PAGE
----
2. Needs to be a stretch.
    2. Let the process of innovation within your organization define the how.
  2. Law of Execution.
    1. Execution is the task of going through and putting a product out there for customers.
    2. Ideas without execution are a hobby.
    3. Think about segmenting the execution into phases.
      1. You will be able to kill projects that are not going to be successful.
      2. Allows you to reduce your risks.
      3. The objective is to actually execute, not review.

Not all organizations will be in a position to be successful in all of these laws.  Think about each of these laws and rank your organization.  Be honest with yourself on the areas you need to improve upon.  You can see our Organization’s Innovation Readiness survey based on the 7 Laws to assess and benchmark.

Five Questions to Ask an Innovation Consultant 

Have you noticed that the market is being flooded with a new type of consultant?  These people have branded themselves innovation consultants.  My advice to organizations is to treat consultants with a little bit of caution; they should be one of many inputs in the innovation process.  Do not discount the inside experts you already have within your organization.  There are five questions you should ask every innovation consultant.

  1. What innovations have you come up with and delivered to the market?
    1. Emphasis on them, not past clients.
    2. Weeds out the people who teach versus the people who do.
  2. What approach did you use?
    1. How did you deliver that to the marketplace?
    2. Why did you use that approach?
    3. What are the benefits versus using other approaches?
    4. How many firms are using the approach you came up with?
    5. When was the last time you innovated the approach?
  3. What were the lessons learned?
    1. What would you do differently?
  4. What innovations are you working on now?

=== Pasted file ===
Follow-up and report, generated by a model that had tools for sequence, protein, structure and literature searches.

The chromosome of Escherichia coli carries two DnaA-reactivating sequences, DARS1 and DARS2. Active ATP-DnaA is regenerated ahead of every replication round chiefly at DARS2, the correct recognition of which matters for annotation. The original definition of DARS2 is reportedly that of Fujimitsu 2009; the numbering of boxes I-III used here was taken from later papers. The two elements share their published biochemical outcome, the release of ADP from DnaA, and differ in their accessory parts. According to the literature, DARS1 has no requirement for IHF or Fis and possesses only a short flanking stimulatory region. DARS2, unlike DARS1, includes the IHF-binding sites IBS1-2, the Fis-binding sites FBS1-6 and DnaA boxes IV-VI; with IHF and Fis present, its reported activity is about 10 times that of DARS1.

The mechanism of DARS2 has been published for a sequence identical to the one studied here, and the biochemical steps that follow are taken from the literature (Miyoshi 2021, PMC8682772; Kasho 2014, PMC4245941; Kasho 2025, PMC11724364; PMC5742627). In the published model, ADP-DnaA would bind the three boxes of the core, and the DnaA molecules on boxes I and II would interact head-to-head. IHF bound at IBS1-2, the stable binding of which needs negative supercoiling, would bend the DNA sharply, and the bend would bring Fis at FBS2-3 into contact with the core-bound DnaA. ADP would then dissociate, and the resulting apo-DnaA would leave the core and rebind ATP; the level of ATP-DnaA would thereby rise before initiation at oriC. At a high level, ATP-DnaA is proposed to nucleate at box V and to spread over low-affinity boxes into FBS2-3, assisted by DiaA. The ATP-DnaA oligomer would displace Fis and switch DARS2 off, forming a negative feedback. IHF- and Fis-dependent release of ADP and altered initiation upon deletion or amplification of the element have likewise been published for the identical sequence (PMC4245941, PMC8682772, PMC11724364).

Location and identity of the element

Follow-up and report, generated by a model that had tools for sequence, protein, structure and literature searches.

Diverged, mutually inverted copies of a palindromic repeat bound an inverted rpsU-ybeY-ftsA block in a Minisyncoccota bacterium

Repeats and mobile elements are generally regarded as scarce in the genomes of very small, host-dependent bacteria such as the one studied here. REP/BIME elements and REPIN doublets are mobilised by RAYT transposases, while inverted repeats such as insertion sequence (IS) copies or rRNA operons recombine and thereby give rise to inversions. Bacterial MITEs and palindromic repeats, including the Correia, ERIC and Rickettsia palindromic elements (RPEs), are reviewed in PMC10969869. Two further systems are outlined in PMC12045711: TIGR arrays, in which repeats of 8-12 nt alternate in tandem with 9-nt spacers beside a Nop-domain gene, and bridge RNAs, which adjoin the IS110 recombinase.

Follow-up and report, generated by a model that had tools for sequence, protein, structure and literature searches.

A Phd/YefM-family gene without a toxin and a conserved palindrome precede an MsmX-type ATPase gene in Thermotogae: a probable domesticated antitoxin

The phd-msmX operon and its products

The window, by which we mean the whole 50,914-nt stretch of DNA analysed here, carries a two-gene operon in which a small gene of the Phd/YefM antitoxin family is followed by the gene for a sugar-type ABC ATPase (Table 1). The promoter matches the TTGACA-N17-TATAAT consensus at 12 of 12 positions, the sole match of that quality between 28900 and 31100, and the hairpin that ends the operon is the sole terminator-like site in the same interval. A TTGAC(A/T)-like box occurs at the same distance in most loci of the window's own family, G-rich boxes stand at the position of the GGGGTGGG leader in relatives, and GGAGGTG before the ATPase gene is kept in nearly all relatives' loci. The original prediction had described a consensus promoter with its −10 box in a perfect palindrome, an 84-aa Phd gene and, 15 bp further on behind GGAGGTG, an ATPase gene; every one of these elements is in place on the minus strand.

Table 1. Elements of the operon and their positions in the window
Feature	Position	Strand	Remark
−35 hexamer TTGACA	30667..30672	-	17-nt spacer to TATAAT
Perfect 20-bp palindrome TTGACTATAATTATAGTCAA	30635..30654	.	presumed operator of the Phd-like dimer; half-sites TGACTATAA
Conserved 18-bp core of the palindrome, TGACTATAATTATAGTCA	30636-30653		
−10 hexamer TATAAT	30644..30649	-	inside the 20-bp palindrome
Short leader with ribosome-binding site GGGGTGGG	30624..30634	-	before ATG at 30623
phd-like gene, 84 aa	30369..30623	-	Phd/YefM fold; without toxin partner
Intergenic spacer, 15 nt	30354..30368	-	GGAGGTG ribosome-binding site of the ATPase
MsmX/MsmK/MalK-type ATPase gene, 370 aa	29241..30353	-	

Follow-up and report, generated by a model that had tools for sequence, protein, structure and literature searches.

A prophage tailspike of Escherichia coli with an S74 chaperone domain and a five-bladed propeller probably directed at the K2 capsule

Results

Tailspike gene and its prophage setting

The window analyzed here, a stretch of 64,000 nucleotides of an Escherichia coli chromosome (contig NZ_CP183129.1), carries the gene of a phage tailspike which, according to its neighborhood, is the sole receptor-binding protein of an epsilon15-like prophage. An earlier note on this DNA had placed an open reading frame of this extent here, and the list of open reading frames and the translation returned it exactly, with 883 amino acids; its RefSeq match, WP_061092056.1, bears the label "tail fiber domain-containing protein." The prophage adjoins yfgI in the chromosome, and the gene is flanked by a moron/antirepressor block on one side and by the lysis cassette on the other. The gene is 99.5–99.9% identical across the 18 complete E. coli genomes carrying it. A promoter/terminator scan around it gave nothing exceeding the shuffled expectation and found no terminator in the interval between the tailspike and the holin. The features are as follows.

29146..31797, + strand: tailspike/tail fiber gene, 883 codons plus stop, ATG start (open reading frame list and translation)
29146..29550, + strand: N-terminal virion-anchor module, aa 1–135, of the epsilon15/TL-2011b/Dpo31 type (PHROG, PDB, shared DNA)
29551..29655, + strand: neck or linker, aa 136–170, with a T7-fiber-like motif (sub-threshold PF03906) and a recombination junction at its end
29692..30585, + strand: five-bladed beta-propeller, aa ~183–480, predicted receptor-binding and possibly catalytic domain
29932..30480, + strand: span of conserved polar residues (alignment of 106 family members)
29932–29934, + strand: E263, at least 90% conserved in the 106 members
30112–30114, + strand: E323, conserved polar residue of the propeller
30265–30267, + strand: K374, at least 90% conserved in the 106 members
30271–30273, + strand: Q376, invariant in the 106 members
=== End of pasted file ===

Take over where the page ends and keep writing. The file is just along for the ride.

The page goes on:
5. How do you personally stay innovative?

I have framed these questions specifically for people looking to hire innovation consultants, but some of you are innovation consultants looking to get hired. How would you answer these questions for yourself? And how can you improve your answers?  Consultants are needed and critical, but you need to make sure you are getting real expertise in this field.  

The MacGyver Method Creative Challenge

Based on the popularity of the last podcast’s creativity challenge, I have decided to present another one in this week’s show.  This creative challenge is called the MacGyver or the Apollo 13.  With this method:

  1. You are given a problem or objective.
  2. You open your purse, briefcase, or desk drawer.
  3. Use only the items you have.
  4. Create as many ideas within twenty minutes.

For this exercise, you get to work and realize you forgot to get a gift for a co-workers upcoming wedding.  You are given the tasks of creating or buying a gift with only the items within your reach.  For each idea:

  1. The idea must have a practical use.
  2. The idea must be made from two or more items you have on your desk.

I hope today’s show inspired you to look more in depth into the 7 Immutable Laws of Innovation and to see how it is applied in your organization and can be optimized.  Remember an innovation coach can be very impactful and help exceed outcomes, but you do need to be careful in choosing one.  Look for real experience and proof points, not just theory.  If you have questions or comments on this week’s show, I’d love to hear from you.  You can also carry on the conversation with other innovators at The Innovators Community.

Direct download: 7_Laws_of_Innovation_and_Benefitting_from_Coaching_Insights.mp3
Category:Past Shows -- posted at: 12:00am PDT